The money provided by the public engagement fund allowed me to hold a community engagement session at Arabian Bites, a social enterprise café in Coventry.
The session, Celebrating Food in our Community: Eat and Share session, aimed to bring local food researchers and community food practitioners together over a meal to share their work and their experiences. The fourteen attendees came from a broad range of backgrounds, including those from charities, community groups, the University of Warwick, Coventry City Council and independent businesses; and their work focused on food from a variety of perspectives including:
- food insecurity,
- tackling social isolation,
- health improvement,
- developing cooking skills and confidence,
- community gardening,
- understanding how food relates to notions of home and belonging,
- food as a means of sharing (culture, community, issues),
- and promoting independent food businesses.
The session included a small-group activity in which each group were given a set of quotes taken directly from research conducted with families living in Coventry, with discussion centered around three themes:
- what influences the food families eat;
- how can food help families to lead healthier and happier lives;
- and how does food connect us to others?
This provided an opportunity to gain alternative perspectives on what the quotes mean (as a way of sense-checking the researcher’s interpretations), and the extent to which the quotes resonated with attendees. This enabled the group to begin a conversation on how we can collectively support families to lead healthier, happier lives through food. During a reflective activity, the group offered many suggestions for collaborating with one another in the future and attendees were keen to develop a network/forum of food practitioners in Coventry. Attendees said that they valued the opportunity to meet like-minded people from a range of backgrounds and experiences, and one attendee commented that the session demonstrated how food really “does work” in bringing people together.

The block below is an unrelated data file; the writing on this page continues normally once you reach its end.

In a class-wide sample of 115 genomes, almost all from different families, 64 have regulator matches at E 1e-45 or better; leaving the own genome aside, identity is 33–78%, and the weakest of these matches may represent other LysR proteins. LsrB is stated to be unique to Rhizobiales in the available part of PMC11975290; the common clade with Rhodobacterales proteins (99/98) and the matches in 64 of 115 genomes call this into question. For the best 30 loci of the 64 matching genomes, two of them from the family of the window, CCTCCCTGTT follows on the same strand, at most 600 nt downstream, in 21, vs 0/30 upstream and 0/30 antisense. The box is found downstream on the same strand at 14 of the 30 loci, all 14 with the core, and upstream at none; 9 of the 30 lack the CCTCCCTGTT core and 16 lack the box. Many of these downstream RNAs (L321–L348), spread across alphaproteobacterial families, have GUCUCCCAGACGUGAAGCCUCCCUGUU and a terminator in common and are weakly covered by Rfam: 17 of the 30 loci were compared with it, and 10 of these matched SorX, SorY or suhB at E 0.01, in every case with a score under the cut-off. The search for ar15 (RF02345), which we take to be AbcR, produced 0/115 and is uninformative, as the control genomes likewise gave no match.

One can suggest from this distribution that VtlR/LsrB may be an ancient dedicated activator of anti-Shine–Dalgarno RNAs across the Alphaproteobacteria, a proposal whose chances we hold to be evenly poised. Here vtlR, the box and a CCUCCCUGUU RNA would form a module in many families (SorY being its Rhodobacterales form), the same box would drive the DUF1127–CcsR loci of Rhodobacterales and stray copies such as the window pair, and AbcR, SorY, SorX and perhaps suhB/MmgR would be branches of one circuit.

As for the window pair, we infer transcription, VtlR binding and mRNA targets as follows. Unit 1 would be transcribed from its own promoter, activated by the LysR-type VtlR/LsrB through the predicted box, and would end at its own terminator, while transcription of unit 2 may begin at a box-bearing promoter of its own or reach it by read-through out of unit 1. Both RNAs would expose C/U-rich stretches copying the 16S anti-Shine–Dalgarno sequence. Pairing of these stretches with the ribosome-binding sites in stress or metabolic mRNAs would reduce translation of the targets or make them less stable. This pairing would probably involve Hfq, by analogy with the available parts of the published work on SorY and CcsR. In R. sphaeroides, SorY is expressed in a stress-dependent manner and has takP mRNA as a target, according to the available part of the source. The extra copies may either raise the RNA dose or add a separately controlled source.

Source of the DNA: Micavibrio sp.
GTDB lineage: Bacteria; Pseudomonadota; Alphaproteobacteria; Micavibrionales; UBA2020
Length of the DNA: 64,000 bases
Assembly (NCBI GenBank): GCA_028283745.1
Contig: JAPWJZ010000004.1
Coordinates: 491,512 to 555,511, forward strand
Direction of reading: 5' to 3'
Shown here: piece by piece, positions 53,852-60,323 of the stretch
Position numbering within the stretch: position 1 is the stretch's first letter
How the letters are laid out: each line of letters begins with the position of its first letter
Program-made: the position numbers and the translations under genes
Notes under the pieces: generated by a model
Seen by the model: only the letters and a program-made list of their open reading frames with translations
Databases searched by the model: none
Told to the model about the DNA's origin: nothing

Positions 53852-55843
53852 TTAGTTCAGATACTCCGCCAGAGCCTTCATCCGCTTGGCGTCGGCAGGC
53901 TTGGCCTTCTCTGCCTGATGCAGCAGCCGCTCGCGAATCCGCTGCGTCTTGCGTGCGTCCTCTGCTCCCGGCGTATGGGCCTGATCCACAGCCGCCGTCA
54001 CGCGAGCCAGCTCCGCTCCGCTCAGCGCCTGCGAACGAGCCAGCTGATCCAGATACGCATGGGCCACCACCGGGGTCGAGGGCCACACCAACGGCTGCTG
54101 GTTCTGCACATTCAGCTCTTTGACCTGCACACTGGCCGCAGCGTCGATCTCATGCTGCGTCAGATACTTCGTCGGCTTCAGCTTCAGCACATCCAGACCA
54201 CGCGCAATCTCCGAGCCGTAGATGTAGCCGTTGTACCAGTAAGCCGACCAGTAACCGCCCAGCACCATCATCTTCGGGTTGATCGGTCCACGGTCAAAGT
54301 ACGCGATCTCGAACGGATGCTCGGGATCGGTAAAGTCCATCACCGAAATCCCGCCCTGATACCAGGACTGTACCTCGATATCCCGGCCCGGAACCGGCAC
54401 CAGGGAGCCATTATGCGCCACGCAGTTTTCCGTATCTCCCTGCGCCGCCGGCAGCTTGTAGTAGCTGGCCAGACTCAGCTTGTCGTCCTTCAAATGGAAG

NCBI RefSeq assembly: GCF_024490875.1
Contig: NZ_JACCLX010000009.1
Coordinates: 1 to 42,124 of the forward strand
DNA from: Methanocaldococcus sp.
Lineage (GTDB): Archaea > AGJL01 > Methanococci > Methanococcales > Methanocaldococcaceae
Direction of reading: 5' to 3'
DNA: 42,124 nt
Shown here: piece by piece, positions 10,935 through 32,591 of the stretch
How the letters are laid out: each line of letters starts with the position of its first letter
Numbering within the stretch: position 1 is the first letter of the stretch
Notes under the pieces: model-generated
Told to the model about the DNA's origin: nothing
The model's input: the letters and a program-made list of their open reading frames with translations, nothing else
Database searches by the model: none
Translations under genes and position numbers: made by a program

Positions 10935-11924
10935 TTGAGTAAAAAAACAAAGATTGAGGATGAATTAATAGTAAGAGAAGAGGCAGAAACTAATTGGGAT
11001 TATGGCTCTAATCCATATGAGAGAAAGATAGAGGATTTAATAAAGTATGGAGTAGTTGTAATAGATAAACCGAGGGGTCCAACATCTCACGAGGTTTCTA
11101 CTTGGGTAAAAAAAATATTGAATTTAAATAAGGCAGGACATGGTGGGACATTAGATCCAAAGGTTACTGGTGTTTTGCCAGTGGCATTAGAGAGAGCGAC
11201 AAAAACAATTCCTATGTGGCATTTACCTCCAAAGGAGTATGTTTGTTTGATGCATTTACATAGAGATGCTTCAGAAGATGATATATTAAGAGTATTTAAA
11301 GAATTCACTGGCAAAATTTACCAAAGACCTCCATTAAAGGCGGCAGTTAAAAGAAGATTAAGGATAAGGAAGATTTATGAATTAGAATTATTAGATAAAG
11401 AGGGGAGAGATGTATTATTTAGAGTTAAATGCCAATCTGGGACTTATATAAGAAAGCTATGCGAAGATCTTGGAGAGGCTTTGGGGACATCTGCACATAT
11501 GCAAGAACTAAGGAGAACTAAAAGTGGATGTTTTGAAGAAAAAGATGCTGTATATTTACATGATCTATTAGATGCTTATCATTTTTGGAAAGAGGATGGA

The project was very well supported by Mark Hinton, the Community Engagement Development manager at Warwick. I would suggest that all sessions with a community focus work in a similar way with Mark’s team, as this really helped me to consider community co-production as an approach. The co-productive nature of the project enabled the session to be designed in a thoughtful and ethical way, and allowed the community stakeholders to decide the direction of the initiative. It was also very valuable to have the support of Alison Philips in developing the idea.
The group requested that their contact details be used to begin to develop a ‘directory’ of food practitioners in Coventry. The group were keen to maintain contact with one another, and ideas for future collaborative projects included cooking together as a group, holding a food and heritage festival, and linking with the City of Culture. It was evident that the session also served to create smaller networks, within the larger group, through initiating conversations between individuals with similar interests and aims. With the support of Ana Irache, a PhD student who supported the project, I have started to produce a one-page infographic of my research which will also feature the ideas that attendees suggested from this session, to share with Coventry City Council (who were partners on my PhD project). Although my work has now moved to the University of Birmingham, there are others at Warwick with an interest in continuing the work, including Wendy Eades, one of the researchers employed on the project, and I also hope to remain connected to the group.
Dr Marie Murphy